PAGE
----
Participatory Forest Management Cooperatives (PFMCs)
PFMCs were learned to be one of MELCA’s good attributes in its environmental governance programme. Fundamentally, these are tools that empower and entrust local communities to play most active role in the management of local ecosystems, under the banner of conservation, protection and utilization principles adopted by the World Network of Biosphere Reserve (WNBR). MELCA practices PFM approach in the Majang Forest Biosphere Reserves Majang project area. Majang Project funded by Swedish International Development Cooperation Agency (Sida). Participatory forest management cooperatives (PFMCs) in Majang Project areas regarded.
In Majang zone there are 31 kebelles and out of the total 31 kebelles 13 PFMCs have been established in 13 kebelles, with the support of the project. The great majority, some 12, of the PFMCs are located in Mengesh District, while only one is in Godere District. Eleven of the 13 PFMCs are licensed or registered as legal entities, while the other two are still under process. The office had also helped three PFMCs established in Agnuwa Zone for the same purpose. Two particular PFMCs case stories of Gubeti PFMCs and Maki PFMCs presents as follow.
Gubeti PFMCs: Three members, out of seven, of the executive committee of the Association were met for discussion. They were: Mr Ahmed Endris, chairman; Mr Ibrahim Hussein, treasury; and Mr Alemayehu Kassa, control. The PFMCs is currently housed in the premise of Gubeti Kebelle Administration. According to the persons met, the Association was legalized in June 2020) and has 158 members with 150 men and 8 widowed women.
The Cooperatives is governed by a bylaw issued in line with the existing forest management proclamation of the country. It had secured the map and certificate of holding of the site, covering 380.24 hectares. From the discussants met, the Cooperatives was learned to be vigilantly preventing the forest from any harmful practices coming from individual residents and, mainly, from investment/development projects. For instance, at the time of the fieldwork, the Association was at loggerheads especially with a coffee development company extensively operating in the area and also with a road construction project both of which, the members met believe, were threatening the wellbeing of the forest.
According to them, they were taking their cases as far as they could and to any stage accessible to them, even including the Deputy Prime Minister’s Office. Obviously, this, by itself, irrespective of what the outcome of their contest may be, is indicative of the level of determination the Cooperatives has in protecting the biosphere they have been in charge of. However, the members of the Cooperatives have so far not been getting any concrete benefit in return for their struggle in protecting the forest. Basically, PFMCs are supposed to benefit from non-timber forest products (NTFPs) which they are allowed to collect from or produce in the buffer or transitional parts of the forest like spices and other crops naturally available or producing honey in the forest. But, while the members of the Association are involved in traditional honey production activity, other NFTPs like spices and other crops are not commonly practiced in the Majang Forest. In the near future, though, they are expecting to plant and produce suitable spices and also to produce honey using improved beehives in the forest as promised and planned by MELCA.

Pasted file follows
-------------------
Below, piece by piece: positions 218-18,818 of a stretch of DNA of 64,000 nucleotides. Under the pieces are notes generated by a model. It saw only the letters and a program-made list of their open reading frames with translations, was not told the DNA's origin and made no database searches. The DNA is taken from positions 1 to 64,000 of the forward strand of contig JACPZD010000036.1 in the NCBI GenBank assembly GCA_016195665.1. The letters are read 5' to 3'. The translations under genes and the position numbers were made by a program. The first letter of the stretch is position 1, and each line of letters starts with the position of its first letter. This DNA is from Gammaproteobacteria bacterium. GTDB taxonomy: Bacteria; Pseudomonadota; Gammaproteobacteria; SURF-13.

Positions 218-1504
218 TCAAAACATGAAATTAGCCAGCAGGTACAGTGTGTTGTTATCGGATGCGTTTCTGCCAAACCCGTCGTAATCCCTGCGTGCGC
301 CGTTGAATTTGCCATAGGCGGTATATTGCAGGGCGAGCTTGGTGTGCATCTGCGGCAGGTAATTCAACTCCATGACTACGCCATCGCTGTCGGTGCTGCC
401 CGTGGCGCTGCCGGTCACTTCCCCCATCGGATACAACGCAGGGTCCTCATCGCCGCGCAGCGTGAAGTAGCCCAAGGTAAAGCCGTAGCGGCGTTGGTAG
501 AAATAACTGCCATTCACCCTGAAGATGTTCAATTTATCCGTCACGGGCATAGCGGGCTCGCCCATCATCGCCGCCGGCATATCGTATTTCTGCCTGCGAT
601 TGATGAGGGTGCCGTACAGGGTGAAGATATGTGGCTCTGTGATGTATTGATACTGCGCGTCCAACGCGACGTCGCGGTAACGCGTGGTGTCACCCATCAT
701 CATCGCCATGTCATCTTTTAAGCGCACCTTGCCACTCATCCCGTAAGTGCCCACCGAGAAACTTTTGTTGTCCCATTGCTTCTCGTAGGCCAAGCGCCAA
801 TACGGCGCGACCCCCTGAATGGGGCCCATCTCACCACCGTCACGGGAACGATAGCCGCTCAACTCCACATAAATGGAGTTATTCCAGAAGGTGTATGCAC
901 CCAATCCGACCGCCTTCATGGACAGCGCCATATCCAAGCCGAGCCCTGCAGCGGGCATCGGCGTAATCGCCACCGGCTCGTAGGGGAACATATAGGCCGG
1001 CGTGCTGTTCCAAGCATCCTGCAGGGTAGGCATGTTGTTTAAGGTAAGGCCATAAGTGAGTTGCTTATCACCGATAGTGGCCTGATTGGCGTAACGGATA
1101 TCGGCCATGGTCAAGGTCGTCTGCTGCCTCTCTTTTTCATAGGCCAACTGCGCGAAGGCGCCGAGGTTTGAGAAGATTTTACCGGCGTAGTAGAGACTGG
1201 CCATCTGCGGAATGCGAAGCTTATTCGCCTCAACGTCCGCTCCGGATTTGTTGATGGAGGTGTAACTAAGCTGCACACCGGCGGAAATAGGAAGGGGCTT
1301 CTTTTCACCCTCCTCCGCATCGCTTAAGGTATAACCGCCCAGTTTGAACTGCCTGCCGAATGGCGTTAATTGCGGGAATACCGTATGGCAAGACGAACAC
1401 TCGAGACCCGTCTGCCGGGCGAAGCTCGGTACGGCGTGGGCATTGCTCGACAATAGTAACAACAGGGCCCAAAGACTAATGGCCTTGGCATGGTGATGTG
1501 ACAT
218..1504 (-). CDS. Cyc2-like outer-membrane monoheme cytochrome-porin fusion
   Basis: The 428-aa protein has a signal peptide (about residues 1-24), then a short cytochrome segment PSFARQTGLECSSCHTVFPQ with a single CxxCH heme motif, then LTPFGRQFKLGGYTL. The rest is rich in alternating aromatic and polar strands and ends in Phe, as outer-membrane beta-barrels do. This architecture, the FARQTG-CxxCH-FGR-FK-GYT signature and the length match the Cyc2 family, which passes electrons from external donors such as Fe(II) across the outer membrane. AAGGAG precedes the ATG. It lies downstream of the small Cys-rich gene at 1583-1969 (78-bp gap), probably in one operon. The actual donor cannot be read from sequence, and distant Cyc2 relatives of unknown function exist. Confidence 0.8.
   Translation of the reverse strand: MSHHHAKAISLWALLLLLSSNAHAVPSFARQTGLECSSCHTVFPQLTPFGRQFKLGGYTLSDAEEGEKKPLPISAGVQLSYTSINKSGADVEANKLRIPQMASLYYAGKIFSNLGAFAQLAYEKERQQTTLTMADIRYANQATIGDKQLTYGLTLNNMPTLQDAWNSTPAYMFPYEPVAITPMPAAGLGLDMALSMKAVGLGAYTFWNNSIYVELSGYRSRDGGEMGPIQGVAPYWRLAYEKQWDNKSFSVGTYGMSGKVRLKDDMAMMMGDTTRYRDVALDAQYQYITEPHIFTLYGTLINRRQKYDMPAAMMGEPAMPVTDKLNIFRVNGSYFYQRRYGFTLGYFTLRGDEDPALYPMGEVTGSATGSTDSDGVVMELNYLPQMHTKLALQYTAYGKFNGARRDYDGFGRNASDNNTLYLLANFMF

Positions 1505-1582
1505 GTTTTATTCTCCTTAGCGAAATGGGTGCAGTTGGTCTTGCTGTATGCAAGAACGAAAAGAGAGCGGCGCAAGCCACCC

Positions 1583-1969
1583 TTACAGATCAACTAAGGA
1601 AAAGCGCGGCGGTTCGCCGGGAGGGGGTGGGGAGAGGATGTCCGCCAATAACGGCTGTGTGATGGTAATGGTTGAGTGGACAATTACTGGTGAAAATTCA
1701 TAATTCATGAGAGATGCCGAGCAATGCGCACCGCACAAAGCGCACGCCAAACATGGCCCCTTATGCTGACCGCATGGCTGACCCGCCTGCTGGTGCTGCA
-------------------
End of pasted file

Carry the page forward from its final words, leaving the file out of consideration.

Maki PFMCs: Three members were met from Maki PFMC including Mr Markos Gnogniro (chairman), Mr Ibrawiyan Gnogniro (control), and Mr Yonas Gnogniro (member), all of whom are brothers from the indigenous Majang community. The Cooperatives had been formally established around 2019. It is legalized and issued with the map and holding certificate of the site, which covers 375 hectares. Currently, it has 51 members, increasing from the previous 21.
As their normal practice, the members of the Cooperatives produce honey using traditional beehives hang inside the forest. They said that they are keeping the forest because it is their life. They do not think life without the forest. It is everything to their community, from food to shelter and cloth to medicine, etc. In the future, they would like to get external support to provide them modern beehive for more honey production and income generation.
The Cooperatives was sharing office space with Maki Kebelle Administration. According to the members met, they have the intention to construct the Cooperatives office and warehouse for which they have already prepared land in the kebelle. In light of the importance of strengthening such a community institution, MELCA may consider supporting their effort in light of availing some locally unavailable construction materials.